Will it be the first non-English language production voted Best Drama Series? The bloodthirsty Korean drama 'Squid Game' will face stiff competition at the Emmy Awards on Monday, where it has a chance to make competition history.
Dark and violent denunciation of the excesses of capitalism, in which the poor kill each other during cruel children's games with the hope of winning millions, the global success of Netflix could become the highlight of this competition, equivalent to the Oscars from American television.
A success that would follow in the footsteps of the Korean film “Parasite”, which won the Oscar for best film in 2020.
But, to win in Los Angeles, the series will have to get ahead of a serious adversary: “Succession”, a production already rewarded two years ago for its chronicle of a powerful family whose members plot and tear each other apart.< /p>
“It's pretty hard to keep up with this HBO behemoth,” remarks Deadline film columnist Pete Hammond.
This Shakespearian-tinged series seems to be leading the way with 25 nominations , and remains the favorite, according to experts interviewed by the specialized site Gold Derby.
Mr. Hammond is, however, betting on a best actor award for Lee Jung-jae, the lead actor of 'Squid Game'. Enough to make the South Korean the first winner of this award for a performance in a language other than English.
The Korean drama has already won four awards in minor categories, awarded at the start of September during the Creative Emmys, including the prize for best appearance in a series awarded to actress Lee Yoo-mi.
The series “Severance” (Apple TV+), a disturbing metaphor on the world of work, and “Ozark” (Netflix), which explores money laundering and the vices of the American middle class, are also aiming for the prize for the best drama series.
In the drama genre, Zendaya, already awarded in 2020, has every chance of being voted best actress again for her role as a drug-addicted teenager in “Euphoria”.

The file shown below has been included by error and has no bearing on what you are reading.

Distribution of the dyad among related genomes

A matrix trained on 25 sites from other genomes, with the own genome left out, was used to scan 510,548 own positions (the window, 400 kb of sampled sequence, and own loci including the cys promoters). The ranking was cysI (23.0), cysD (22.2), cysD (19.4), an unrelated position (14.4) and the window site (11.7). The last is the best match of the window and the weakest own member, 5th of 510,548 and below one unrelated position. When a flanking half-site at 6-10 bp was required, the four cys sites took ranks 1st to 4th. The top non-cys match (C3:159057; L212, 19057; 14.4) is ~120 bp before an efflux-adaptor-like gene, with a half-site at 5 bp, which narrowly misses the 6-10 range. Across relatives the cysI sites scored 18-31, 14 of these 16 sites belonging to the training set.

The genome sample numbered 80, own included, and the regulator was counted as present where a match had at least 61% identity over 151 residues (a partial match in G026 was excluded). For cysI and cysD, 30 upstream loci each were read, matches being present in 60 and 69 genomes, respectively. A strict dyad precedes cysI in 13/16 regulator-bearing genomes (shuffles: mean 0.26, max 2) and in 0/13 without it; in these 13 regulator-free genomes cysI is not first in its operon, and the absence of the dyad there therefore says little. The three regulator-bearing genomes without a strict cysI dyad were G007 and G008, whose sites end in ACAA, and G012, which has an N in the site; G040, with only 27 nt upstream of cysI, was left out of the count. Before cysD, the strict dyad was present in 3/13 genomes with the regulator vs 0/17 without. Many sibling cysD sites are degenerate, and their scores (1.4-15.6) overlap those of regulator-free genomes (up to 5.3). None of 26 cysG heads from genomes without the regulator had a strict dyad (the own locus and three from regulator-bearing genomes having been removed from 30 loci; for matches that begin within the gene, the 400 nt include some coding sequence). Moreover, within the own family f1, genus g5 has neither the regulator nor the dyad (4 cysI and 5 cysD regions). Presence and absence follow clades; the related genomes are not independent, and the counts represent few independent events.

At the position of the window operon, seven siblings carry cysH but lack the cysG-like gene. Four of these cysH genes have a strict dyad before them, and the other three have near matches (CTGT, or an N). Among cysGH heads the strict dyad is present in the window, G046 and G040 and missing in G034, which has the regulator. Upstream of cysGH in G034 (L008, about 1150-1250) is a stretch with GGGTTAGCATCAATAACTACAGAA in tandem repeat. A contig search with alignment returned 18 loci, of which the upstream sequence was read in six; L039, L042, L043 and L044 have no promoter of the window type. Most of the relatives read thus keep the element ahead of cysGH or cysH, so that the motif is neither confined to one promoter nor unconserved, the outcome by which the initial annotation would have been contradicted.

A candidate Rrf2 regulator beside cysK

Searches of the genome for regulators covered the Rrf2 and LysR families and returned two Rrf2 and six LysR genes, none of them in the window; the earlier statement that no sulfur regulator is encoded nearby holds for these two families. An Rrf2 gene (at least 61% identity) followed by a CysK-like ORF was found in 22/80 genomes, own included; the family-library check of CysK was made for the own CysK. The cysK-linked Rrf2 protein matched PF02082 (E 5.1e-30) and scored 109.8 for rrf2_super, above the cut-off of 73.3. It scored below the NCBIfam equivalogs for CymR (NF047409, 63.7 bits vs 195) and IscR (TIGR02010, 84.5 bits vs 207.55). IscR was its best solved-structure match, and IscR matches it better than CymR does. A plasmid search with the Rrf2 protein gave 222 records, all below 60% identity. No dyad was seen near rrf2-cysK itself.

< p>Comedies and mini-series
As for comedies, “Ted Lasso” (Apple TV+), winner last year, seems well on its way to re-enlisting. In the series, Jason Sudeikis plays an American football coach parachuted into an English soccer team.
Nominated in the category best actor in a comedy, he faces Bill Hader, for his role as a killer hired man who dreams of being a Hollywood star in the “Barry” series.
Among women, Jean Smart is widely expected to be elected again as best actress, for her performance in “Hacks”, a comedy in which she plays the role of an aging comedian from Las Vegas, forced to reinvent herself.
As every year, the mini-series category, which rewards productions limited to a single season, will bring new blood.
Four of the five contenders are inspired by real scandals. “Dopesick” examines the murderous addiction of the United States to opioids, “The Dropout” tackles the fraud mounted by the medical start-up Theranos, “Pam and Tommy” traces the underside of the publication of the sex tape by Pamela Anderson, and “Inventing Anna” follows the story of a young Russian who has long deceived the New York elite by posing as a wealthy German heiress.
But in this category, the tragicomic satire “The White Lotus”, which tackles the ambient hypocrisy of a Hawaiian luxury hotel, is given favorite.
“I think Michael Keaton is almost guaranteed to be voted best actor in a mini-series”, for his role in “Dopesick”, predicts Mr. Hammond. The critic also foresees an award for Amanda Seyfried, who plays the fallen boss of Theranos in “The Dropout”.
Kenan Thompson at the helm
Organized in a theater in Los Angeles, with red carpet and parade of stars, the ceremony marks a return to normal this year, after previous editions marked by the pandemic and the rules of social distancing.
It will be presented by American comedian Kenan Thompson, a well-known figure on the show “Saturday Night Live”.
The actor will officiate without security being reinforced, a few months after the scandal caused by Will Smith, who responded to a joke aimed at his wife by slapping comedian Chris Rock at the Oscars in front of a dumbfounded audience.
“We'll be careful and we'll be alert, as we always are,” said Emmys boss Frank Scherma to the webzine Deadline, refusing to overbid.
Katrine Johns has been a reporter on the news desk since 2013. Before that she wrote about young adolescence and family dynamics for Styles and was the legal affairs correspondent for the Metro desk. Before joining The Gal Post, Katrine Johns worked as a staff writer at the Village Voice and a freelancer for Newsday, The Wall Street Journal, GQ and Mirabella. To get in touch, contact me through my email@example.com 1-800-268-7128